Bontkowski does not say how Smith caused the Arlington Heights and Chicago police departments to break off their investigation of his theft complaints. Since neither organization is under the control of the FBI, it can only be inferred that Smith told them either that he had reason to believe Bontkowski's complaints were bogus, or that their persisting in their investigations would interfere with FBI activities. Either way, Smith might have been acting improperly, but would have been engaging in the kind of activity he was employed to do.

Coleman has been recently criticized as a statement of Illinois law because its statements that the employee's subjective intent is not the "determining factor" and that the scope of employment "must be measured by objective criteria," Coleman, 814 F.2d at 849, emphasize the first factor, the nature of the alleged acts, at the expense of the third factor, that the employee be motivated, at least in part, by an intent to serve the employer. See Lyons v. Adams, ___ F. Supp.2d ___, 2003 WL 1956277 (N.D. Ill. 2003) (St. Eve, J.); Dorsey v. Givens, 209 F. Supp.2d 850, 853 (N.D. Ill. 2001) (Moran, J.). These opinions note that subsequent Illinois decisions have reaffirmed the importance of the defendant's subjective purpose, holding that a defendants' actions "performed purely in his own interest" are not within the scope of his employment. Wright v. City of Danville, 174 Ill.2d 391, 405, 675 N.E.2d 110, 118 (1996).

The Seventh Circuit in Taboas cited both Coleman and Wright without noting a conflict. Taboas, 149 F.3d at 583. We read Coleman as elaborating on the first factor, whether the acts are of the kind the employee has been authorized to perform. This is indeed an objective determination, and in many cases it will be dispositive. A good example is Snodgrass, where the defendant FBI agent asserted that he was acting within the scope of his employment when he visited a bar after work and talked with other law-enforcement officers. His actions were dispositive: "[e]ven accepting everything Jones says about his motives in going to the bar, this argument is untenable — it is not anyone's job to hang out in a bar for four to five hours, even if he is hanging out with other law enforcement officials." Snodgrass, 957 F.2d at 385.

In any event, the third factor is not at issue here. Neither in the complaint nor in his response to the United States' motion has Bontkowski alleged that Smith's motive was completely unrelated to his employment, that he was on a "frolic of his own," in the quaint language of tort law. Bontkowski does not allege that Smith received anything from Bront other than her assistance in investigating and prosecuting him. A law enforcement officer who performs illegal favors to obtain a witness's cooperation, or even to buy her perjured testimony, is acting within the scope of his employment. See Wilson v. City of Chicago, 120 F.3d 681, 685 (7th Cir. 1997) (torturing suspects to obtain confessions was within scope of police officer's employment). Bontkowski has not rebutted the Attorney General's certification that Smith was acting within the scope of his employment, and the United States is substituted for Smith.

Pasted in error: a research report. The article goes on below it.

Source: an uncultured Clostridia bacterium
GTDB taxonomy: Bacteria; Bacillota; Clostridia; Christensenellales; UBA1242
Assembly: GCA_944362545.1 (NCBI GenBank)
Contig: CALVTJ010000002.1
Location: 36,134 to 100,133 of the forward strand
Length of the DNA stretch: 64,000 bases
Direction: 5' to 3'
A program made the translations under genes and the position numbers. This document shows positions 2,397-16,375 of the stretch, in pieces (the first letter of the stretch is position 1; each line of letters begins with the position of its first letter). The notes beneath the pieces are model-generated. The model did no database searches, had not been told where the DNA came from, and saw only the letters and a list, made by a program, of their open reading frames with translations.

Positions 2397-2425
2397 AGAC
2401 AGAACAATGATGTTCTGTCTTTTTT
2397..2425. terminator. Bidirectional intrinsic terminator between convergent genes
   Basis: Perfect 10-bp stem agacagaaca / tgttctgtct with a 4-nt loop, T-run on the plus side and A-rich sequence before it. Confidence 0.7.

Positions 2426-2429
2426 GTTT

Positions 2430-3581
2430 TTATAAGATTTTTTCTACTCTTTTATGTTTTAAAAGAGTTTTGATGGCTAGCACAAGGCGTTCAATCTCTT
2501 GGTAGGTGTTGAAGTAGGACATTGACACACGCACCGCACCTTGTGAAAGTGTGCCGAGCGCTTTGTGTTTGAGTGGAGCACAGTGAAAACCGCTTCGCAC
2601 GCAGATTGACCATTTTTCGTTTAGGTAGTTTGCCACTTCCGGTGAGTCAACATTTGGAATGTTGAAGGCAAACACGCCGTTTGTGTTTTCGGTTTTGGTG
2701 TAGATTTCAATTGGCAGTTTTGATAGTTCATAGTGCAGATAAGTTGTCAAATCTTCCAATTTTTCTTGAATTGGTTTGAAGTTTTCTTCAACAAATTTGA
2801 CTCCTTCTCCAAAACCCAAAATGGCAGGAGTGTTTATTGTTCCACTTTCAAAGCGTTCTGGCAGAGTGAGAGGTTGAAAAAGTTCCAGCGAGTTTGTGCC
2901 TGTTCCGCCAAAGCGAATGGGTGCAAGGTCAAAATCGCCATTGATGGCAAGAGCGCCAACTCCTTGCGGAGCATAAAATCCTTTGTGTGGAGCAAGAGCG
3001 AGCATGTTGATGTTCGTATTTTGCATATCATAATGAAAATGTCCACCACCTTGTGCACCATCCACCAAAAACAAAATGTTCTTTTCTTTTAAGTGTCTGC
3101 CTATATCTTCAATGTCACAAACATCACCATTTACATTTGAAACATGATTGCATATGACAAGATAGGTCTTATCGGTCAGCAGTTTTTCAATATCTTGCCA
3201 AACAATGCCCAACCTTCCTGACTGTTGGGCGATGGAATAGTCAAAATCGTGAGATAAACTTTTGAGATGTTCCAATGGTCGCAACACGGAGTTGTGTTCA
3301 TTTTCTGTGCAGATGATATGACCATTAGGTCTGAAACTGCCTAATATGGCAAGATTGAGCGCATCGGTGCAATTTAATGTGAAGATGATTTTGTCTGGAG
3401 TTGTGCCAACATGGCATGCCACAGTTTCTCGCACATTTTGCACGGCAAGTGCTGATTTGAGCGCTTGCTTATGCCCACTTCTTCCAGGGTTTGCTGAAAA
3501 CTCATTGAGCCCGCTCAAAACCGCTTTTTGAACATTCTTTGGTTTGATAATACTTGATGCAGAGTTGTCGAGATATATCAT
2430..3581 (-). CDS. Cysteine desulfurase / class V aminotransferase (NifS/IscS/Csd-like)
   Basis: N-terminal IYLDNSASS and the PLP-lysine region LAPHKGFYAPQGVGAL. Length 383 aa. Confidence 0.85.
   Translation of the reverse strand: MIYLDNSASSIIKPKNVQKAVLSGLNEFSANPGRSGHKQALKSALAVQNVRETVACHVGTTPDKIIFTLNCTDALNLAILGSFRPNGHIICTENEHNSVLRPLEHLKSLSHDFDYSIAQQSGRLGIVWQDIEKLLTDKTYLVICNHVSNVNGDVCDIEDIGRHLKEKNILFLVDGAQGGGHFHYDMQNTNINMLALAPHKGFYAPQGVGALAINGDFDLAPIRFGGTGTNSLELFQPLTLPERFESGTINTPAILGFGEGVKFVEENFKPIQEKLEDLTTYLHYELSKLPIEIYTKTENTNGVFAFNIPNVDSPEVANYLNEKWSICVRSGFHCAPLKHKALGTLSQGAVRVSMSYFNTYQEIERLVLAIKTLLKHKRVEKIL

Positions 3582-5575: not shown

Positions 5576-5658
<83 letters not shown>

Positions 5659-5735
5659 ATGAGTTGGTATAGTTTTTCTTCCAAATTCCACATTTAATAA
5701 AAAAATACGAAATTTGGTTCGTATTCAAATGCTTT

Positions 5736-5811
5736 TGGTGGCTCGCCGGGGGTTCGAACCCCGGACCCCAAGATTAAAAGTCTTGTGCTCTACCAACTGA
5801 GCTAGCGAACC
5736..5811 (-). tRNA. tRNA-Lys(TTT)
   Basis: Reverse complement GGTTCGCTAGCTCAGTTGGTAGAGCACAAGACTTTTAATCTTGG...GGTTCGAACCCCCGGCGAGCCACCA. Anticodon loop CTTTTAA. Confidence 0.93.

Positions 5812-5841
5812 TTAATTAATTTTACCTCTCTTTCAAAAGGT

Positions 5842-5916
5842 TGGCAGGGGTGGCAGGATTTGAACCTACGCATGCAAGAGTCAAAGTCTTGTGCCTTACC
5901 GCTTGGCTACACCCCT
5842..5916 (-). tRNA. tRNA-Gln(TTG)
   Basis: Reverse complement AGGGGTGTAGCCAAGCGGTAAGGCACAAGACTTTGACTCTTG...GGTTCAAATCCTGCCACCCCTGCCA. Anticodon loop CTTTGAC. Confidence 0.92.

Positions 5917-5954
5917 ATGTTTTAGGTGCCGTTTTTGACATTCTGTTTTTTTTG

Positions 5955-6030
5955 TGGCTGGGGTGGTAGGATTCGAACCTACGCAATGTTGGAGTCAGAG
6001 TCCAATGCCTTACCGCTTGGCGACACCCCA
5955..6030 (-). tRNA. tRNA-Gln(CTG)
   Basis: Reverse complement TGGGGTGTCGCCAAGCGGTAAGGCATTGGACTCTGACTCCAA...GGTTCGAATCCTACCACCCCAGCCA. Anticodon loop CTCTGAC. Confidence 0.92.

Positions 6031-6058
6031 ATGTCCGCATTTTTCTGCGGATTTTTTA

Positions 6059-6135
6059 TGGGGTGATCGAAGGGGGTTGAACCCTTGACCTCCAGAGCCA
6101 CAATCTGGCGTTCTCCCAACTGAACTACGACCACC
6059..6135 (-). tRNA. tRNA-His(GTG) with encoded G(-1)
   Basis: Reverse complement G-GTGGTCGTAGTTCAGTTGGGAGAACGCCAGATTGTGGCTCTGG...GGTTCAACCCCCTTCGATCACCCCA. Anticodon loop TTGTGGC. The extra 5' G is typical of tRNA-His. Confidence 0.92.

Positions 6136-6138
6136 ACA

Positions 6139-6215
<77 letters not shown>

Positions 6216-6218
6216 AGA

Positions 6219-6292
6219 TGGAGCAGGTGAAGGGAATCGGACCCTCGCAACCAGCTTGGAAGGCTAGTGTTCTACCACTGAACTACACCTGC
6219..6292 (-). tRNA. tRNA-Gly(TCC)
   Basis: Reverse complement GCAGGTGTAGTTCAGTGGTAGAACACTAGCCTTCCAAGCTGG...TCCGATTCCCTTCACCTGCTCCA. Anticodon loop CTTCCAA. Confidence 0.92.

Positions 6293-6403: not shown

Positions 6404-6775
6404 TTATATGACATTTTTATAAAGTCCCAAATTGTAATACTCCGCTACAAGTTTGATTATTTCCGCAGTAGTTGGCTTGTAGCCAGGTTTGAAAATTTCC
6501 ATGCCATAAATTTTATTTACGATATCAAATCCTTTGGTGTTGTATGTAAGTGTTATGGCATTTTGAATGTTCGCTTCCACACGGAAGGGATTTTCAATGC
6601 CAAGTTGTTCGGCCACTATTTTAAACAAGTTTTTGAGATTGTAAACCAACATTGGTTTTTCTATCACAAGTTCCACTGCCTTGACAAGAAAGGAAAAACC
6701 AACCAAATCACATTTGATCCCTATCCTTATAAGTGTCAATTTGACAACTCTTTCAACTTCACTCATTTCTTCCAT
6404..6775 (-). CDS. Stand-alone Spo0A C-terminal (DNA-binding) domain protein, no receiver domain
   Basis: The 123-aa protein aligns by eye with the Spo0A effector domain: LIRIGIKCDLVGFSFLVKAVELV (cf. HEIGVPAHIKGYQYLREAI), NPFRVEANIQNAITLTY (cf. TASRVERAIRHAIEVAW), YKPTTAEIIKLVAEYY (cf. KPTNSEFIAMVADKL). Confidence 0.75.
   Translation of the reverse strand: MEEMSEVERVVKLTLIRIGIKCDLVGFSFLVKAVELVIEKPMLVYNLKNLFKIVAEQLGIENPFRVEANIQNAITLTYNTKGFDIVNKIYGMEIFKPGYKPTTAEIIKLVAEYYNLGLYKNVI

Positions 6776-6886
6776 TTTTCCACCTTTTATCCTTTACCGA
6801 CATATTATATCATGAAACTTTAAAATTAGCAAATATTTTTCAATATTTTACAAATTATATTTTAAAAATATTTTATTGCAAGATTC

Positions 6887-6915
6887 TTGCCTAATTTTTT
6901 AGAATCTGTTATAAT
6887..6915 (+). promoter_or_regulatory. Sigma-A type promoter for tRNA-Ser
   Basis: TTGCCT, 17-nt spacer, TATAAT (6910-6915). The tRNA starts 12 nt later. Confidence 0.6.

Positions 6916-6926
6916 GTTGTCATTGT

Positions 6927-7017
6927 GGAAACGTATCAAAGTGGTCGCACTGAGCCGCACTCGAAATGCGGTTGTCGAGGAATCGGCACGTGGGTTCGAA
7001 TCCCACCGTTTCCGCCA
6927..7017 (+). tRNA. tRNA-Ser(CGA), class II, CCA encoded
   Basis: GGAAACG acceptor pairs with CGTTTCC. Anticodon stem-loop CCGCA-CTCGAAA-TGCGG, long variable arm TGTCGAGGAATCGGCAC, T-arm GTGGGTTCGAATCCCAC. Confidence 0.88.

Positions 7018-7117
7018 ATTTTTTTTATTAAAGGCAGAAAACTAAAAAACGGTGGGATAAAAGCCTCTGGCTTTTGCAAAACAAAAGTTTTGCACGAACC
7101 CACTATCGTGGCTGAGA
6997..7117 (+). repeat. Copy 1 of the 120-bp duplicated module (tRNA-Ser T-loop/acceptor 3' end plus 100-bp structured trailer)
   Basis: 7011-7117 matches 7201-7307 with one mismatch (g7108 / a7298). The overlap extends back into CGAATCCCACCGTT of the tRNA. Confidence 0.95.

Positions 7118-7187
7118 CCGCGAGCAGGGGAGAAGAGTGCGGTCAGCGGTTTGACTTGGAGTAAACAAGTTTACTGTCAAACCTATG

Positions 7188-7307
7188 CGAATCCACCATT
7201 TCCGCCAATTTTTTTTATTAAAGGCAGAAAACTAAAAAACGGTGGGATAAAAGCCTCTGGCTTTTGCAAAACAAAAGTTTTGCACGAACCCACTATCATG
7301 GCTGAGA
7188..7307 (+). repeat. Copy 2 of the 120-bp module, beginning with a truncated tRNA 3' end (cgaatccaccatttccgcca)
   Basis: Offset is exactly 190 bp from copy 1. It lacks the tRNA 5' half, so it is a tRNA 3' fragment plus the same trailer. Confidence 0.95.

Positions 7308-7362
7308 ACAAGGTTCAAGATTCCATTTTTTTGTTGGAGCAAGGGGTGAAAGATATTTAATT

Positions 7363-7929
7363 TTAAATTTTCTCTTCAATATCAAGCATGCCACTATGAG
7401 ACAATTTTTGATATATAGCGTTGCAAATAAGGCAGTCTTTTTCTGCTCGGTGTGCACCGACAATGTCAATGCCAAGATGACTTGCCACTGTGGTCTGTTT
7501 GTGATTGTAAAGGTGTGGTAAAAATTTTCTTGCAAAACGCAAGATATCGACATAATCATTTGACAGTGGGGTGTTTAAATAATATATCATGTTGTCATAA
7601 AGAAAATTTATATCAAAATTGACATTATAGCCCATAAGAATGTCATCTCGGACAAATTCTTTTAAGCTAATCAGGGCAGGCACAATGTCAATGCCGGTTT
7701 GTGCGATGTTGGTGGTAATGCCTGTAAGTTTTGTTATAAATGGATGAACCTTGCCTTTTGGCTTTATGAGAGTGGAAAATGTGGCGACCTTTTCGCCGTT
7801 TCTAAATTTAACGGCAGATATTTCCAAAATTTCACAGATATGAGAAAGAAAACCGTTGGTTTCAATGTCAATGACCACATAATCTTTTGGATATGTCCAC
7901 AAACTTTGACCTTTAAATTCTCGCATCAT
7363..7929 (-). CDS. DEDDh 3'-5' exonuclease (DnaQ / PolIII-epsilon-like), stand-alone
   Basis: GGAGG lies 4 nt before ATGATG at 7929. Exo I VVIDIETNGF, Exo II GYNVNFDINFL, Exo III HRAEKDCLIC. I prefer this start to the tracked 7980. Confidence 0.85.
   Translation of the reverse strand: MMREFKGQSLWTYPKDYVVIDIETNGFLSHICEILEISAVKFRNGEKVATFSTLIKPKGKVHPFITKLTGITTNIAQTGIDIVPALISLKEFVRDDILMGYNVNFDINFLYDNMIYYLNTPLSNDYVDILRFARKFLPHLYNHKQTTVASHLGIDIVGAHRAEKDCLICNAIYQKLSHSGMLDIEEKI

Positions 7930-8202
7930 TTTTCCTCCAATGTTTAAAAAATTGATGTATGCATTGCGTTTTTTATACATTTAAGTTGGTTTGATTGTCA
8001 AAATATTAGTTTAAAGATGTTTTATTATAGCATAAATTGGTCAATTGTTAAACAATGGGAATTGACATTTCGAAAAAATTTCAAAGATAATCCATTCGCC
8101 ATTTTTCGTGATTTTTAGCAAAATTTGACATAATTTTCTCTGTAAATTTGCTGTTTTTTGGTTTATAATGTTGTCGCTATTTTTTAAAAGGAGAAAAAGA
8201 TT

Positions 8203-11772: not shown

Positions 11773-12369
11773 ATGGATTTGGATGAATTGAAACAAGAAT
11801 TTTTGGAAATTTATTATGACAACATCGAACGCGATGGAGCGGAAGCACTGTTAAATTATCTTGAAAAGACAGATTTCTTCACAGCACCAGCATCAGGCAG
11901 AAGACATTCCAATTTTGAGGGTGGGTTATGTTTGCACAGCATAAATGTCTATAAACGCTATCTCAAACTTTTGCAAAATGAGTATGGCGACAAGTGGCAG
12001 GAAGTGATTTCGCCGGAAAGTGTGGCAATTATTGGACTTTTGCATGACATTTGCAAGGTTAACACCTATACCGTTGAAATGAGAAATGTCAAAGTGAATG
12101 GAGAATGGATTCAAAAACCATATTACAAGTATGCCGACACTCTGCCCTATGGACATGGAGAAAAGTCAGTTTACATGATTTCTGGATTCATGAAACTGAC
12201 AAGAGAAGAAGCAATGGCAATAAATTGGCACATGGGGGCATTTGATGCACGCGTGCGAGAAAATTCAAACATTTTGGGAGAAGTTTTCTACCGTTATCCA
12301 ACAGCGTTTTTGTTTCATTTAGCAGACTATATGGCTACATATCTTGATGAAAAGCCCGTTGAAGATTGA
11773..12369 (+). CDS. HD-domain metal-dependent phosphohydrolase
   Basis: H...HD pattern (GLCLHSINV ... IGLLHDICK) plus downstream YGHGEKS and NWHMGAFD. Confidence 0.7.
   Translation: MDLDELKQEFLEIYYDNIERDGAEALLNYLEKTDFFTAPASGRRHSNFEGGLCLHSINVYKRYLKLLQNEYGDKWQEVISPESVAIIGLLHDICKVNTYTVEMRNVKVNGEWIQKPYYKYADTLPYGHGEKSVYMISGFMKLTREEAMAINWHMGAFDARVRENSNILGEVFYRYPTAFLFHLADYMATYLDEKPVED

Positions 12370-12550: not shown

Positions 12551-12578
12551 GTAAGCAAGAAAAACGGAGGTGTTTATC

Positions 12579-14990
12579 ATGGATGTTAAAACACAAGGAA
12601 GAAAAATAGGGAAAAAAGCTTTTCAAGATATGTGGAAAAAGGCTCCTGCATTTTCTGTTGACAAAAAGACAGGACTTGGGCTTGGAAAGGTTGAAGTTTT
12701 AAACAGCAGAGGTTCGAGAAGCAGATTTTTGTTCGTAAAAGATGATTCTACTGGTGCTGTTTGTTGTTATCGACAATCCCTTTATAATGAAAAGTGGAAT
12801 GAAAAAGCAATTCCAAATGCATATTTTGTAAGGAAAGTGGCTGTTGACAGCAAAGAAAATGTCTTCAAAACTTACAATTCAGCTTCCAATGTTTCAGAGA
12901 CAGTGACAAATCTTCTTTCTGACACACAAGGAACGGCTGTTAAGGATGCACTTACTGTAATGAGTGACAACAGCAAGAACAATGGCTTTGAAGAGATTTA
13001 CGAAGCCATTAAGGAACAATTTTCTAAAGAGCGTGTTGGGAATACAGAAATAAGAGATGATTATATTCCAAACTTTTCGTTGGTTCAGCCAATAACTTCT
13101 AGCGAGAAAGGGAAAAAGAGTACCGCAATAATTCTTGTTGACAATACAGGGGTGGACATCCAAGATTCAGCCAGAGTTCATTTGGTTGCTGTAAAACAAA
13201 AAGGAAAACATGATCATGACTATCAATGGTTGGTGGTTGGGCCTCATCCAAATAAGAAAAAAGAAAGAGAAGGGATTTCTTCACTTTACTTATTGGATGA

Bivens v. Six Unknown Named Agents of Federal Bureau of Narcotics, 403 U.S. 388 (1971), permits individual federal employees acting with federal authority to be sued individually if they are responsible for deprivations of constitutional rights. Bontkowski's surviving claims, however, are based on Illinois law, not the Constitution. A federal employee acting within the scope of his employment is not subject to suit for state-law tort claims, and the injured party's sole remedy is a suit against the United States under the FTCA. 28 U.S.C. § 2679 (b)(1); United States v. Smith, 499 U.S 160, 163 (1991).

The FTCA requires a plaintiff to have presented his claim to the appropriate federal agency before filing suit. 28 U.S.C. § 2675 (a); McNeil v. United States, 508 U.S. 106, 113 (1993). Although this administrative exhaustion requirement is sometimes called "jurisdictional," the Supreme Court in McNeil did not designate it as such, and the Seventh Circuit understands it as a prerequisite to suit rather than a limit on the court's subject-matter jurisdiction. Kanar v. United States, 118 F.3d 527, 529-30 (7th Cir. 1997).